Some of you may have heard the long time famous quote from the movie Glengarry Glen Ross, others may have heard it from a friend or co-worker as almost a sarcastic play on the now cliche phrase, but although the meaning is pretty straight forward, it’s worth to take a deeper look into how we can apply this to our day to day work.


When I started off in sales and heard this mantra repeated over and over around me, I always wished someone could tell me exactly how you can be closing all the time! After all, we’ve all faced prospects who are just not interested no matter how you spin things or how great your solution actually is. It made me as frustrated as the feeling you get when you’re reading a Wikipedia article about a successful entrepreneur that seemed to go from sleeping on their buddy’s couch to running a multi-million dollar business overnight. “You skipped the most crucial part!”


So, here I am to appease your frustrations, new salespeople and entrepreneurs of the world.


One of the more important things you’ll learn about sales is that it never works out if the customer is leading the process. Customers want to be told how to buy, what to do next, what the best use of their time should be etc. The goal is to take away as many decisions as possible that they need to make, because they’re busy and don’t want to do more work, and to make any decision they do have to make as easy and natural as possible.


This means that with every customer interaction you need to have a clear goal and outcome, or else everyone’s time including your own will be wasted.


So, you’ve thought of every possible outcome of the conversation, and have figured out exactly how you want to close them. Perfect! But wait…how can you make sure that they’ll say yes?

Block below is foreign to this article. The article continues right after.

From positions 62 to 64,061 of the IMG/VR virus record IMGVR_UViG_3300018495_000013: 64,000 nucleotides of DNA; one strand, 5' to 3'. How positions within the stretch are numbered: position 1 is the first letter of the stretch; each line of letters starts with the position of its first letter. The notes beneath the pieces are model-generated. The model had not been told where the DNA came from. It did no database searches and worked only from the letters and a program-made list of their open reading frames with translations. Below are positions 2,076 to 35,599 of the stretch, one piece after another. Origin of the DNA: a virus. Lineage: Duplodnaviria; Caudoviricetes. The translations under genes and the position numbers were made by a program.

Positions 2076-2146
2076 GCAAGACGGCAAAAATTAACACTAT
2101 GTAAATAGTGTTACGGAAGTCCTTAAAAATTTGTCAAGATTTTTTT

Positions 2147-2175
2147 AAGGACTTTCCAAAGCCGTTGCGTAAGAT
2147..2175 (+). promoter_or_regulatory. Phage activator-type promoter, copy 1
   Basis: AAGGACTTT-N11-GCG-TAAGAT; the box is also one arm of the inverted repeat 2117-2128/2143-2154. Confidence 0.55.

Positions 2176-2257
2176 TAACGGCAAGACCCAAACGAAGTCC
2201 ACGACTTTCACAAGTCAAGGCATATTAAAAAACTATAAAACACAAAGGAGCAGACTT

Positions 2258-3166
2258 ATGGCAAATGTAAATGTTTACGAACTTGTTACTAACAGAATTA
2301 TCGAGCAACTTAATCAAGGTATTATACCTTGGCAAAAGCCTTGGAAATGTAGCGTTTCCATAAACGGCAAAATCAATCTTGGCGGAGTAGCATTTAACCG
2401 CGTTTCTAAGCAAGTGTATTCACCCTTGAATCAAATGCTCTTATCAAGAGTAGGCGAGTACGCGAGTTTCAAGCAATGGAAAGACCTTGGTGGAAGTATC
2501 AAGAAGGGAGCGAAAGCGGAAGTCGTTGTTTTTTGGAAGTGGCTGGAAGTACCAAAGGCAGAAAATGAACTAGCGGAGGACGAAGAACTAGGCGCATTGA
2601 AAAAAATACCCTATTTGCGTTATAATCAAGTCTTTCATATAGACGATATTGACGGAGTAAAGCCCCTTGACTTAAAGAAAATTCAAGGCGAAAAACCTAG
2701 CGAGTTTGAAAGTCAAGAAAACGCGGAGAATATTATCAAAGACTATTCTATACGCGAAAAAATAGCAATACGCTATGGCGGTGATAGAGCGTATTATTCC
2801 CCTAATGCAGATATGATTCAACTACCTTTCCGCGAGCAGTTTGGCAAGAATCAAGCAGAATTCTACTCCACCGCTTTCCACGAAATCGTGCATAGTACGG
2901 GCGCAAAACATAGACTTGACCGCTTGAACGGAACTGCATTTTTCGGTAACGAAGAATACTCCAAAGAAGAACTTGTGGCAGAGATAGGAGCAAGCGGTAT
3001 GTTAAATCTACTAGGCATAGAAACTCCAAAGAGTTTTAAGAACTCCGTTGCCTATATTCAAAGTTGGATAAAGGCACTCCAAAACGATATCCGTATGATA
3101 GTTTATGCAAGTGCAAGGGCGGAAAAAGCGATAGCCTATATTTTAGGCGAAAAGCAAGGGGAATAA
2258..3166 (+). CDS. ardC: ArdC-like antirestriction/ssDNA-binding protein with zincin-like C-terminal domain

By asking as many questions as you possibly can. Let them do the talking and probe further when you hear that they particularly care about a certain problem even if you don’t directly solve it. Maybe you can point them to some other solution that they will be forever thankful for. But the main point is this: the more questions you ask the more educated you will be about what the best “close” is for you.


ABC does not mean always be trying to get your customer to give you their credit card or sign on the dotted line. Of course that’s the ultimate outcome and that is how you get paid, but if you want more people to buy from you you need to get comfortable with adapting to their needs as opposed to pushing your own agenda. A sale is a partnership like any other and requires both sides to come to a mutually beneficial conclusion.


Know what you want your outcome to be and don’t hang up the phone until you ask for it, but always have a few backup “asks” that you can be ready to throw in if the timing is right.


Is the person on the other line an introvert or extrovert? Maybe all they need is to meet with you for coffee for 20 minutes to trust you and the deal is yours.


Do they seem like the perfect buyer for you and are very excited about your product but you know they need approval from the executive team to buy and will need to stick their neck out on the line for you? Make their lives easier by sending them documents with direct ROI of your solution that their boss will care about and will make them look smart!


Are they more technical and would like to speak to someone on their level? Set up a demo with your technical person to gain their trust.


Have they been kicking the tires and singing praise but just have not gone on your website and put their credit card in? Send them a direct link to the sign up/ cc info page so that they only have to do one thing today instead of the 5 steps it would normally take to put their info in. (Seriously, I’ve gotten deals this way)


You get the idea. The definition of what “closing” means is going to be different for every prospect, partner, at any given time. As long as you gain a good understanding of what the appropriate outcome is during that particular interaction, don’t be afraid to ask and you will receive more often than not.